It’s hard to know exactly what it means when someone says, as a woman did last night after service, “Nice music!”
After an hour of readings, preaching, praying, singing, choral music and even a dab of organ music, it’s not clear what struck a person as effective unless they specify (which they sometimes do).
A musician I respect once told me that I play “ornamented chorales” well. Ornamented organ chorales are settings which take a hymn melody and sort of riff on it like a baroque jazz musician. Usually the melody is featured using its unique solo sound like a reed stop or beautiful flute stop. The movement of the melody and harmony is slowed down considerably.
Last night I came into the church area from the choir rehearsal room and noticed a relaxed meditative quiet among people waiting for the service. I was thankful that the boss and I had decided not to have me do a congregational rehearsal of the new Sanctus and Agnus Dei they would be asked to sing in this service. We had agonized about how to move from a little teaching session into the prayer itself. Options included rehearsal – organ prelude – silent procession…. or organ prelude – rehearsal – silent procession.
One problem was the organ prelude was Bach’s “O Mensch, bewein dein Sunde gross” (O Man, bewail your great sins), one of those slow beautiful ornamented chorale preludes. Indeed, in my mind, it is the prototype of the form.
This is the second Ash Wednesday in a row I have scheduled it for the prelude.
So we opted to see if the congregation would get the hang of the two simple melodies without the rehearsal and with the assistance of the choir.
I did play the prelude well last night. The choir was experiencing anxiety over the under-rehearsed William Byrd motet. I did my best to cheer lead them through the last minute preparation and tried to use my best non-anxious technique.
The piece is notated in such a way that it presents challenges for even a fluent musician. The time signature is 4/2. The beat is the half note (actually last night I beat the whole note). This means that half notes work like quarter notes usually do, whole notes like half notes and so on even using the ever popular breve (double whole note).
So “seat-of’the-pants” good musicians sometimes stumble over the music. And of course notes and rhythms are just a small part of what makes music music. Difficult to do expression and other fine tuning without the correct notes and rhythms.
So my first task was to rehearse notes and rhythms as much as possible. I chose a quicker tempo than in previous rehearsals. I thought maybe this would help the music make more sense both interpretively and to the singers themselves. This worked until singers began to make rhythmic mistakes. Hence the anxiety in the rehearsal.
I managed to move them into thinking a bit about the tone quality and cool pure vowels needed for Byrd. Worked on the beginning of the piece. Suggested we sing a couple of especially lovely sections softly and also fixed the ending by slowing up the final measures and then ending with a lovely soft chord on the word, “clear,” as in “none shall be justified and stand before thee clear.” I love the Byrd texts.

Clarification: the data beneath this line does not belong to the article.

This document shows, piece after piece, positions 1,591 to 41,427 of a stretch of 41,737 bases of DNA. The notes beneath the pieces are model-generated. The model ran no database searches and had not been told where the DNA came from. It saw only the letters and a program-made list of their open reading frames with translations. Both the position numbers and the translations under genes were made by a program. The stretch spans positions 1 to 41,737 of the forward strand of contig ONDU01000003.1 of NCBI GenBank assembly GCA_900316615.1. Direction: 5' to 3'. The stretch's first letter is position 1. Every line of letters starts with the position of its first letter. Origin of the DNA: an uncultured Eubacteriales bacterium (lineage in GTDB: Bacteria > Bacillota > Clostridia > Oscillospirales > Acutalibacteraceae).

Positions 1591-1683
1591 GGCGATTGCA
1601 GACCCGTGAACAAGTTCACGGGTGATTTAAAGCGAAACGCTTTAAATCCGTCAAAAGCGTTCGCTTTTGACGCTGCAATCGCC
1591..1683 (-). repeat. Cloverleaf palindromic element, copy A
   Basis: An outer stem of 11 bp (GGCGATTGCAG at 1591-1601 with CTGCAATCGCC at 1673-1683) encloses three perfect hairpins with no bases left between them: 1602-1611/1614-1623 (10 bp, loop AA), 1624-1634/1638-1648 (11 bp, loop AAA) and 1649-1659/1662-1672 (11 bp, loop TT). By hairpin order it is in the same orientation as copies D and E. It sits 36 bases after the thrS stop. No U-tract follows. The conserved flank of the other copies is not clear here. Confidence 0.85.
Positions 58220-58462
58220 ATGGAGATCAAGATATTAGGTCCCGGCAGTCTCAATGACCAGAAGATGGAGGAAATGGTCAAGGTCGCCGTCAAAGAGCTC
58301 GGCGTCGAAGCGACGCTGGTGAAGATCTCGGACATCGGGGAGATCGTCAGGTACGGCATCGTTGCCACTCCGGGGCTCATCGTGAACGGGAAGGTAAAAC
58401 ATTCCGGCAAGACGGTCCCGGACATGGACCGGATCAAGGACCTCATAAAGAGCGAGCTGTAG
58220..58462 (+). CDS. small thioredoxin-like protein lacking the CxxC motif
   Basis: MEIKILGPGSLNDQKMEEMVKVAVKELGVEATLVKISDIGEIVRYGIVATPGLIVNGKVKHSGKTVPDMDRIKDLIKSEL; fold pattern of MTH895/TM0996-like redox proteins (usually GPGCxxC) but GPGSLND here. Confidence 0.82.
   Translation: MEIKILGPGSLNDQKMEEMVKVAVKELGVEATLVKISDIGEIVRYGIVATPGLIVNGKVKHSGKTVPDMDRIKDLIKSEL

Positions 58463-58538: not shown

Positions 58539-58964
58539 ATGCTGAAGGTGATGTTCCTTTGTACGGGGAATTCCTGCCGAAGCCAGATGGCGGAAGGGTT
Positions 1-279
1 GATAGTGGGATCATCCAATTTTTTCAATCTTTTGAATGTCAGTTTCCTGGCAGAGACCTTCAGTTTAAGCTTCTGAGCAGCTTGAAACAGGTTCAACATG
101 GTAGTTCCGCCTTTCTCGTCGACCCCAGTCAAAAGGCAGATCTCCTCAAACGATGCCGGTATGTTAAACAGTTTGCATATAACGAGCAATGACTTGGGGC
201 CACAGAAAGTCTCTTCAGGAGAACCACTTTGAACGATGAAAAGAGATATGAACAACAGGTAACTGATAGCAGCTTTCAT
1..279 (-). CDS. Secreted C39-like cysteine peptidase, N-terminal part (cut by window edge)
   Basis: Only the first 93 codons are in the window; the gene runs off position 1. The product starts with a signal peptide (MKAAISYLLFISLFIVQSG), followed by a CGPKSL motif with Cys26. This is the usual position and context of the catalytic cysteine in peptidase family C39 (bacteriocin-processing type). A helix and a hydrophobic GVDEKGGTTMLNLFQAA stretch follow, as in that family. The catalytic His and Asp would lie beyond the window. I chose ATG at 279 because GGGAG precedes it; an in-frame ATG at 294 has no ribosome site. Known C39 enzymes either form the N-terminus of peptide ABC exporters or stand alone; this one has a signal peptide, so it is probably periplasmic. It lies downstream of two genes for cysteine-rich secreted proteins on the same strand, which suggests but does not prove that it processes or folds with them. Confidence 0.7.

This had the double effect of creating a possible musical performance of an under-rehearsed piece and also suggesting to the more alert members of the group that there was a way to save the performance and, hopefully, giving them the possibility of relaxing and doing well.
In the service, itself, I asked the singers to take a deep breath and remember the sound of the beginning few measures. Then I told them the tempo would be slightly slower to allow us the space to perform well.
The performance was much more musical than it had a right to be, and still wasn’t near realizing the potential of this group of singers. It was lovely however.
Speaking of “nice music” I spent time at the piano yesterday with Brahms, Ives and Beethoven. Ives often leads me to Beethoven. Beethoven permeates the Concord sonata of Ives as does its quintessential “American” nature. I was reading yesterday a commentator who said that Americans hear Ives with a “shock of recognition.” This is also the title of a novel I admire by William Gaddis. Great concept! That great art is appreciation with an emotion like recognition.
Anyway, I played through and rehearsed Brahms waltzes, Concord Sonata of Ives, and two early Beethoven piano sonatas yesterday. Nice music, indeed.
Finally, I ran across two new pieces that I couldn’t resist purchasing yesterday.
The first is a Concerto for Flute and Recorder in e minor (TW52) by Telemann. A writer in the New York Times reviewed a performance of this piece and called it lively and “Gypsy-inflected.” (link to the review). I was intrigued and listened to the snippets on Amazon and then bought MP3s of the whole concerto for four bucks.
The other piece was “Central Market” by Tyondai Braxton which was mentioned in another review which began with the sentence: “The Wordless Music Orchestra had a kazoo section for its concert on Monday at Alice Tully Hall, along with six electric guitars. There was whistling, too.”
I went on Warp.net’s Braxton page and listened to a bit of it. Liked it so much I also bought the MP3 album on Amazon. Braxton struck me at first as a bit of a 21st century Zappa type. This morning I re-listened carefully to the entire album and am not sure it will hold up to a lot of replaying. But it is delightful inspired music. Nice music, that is.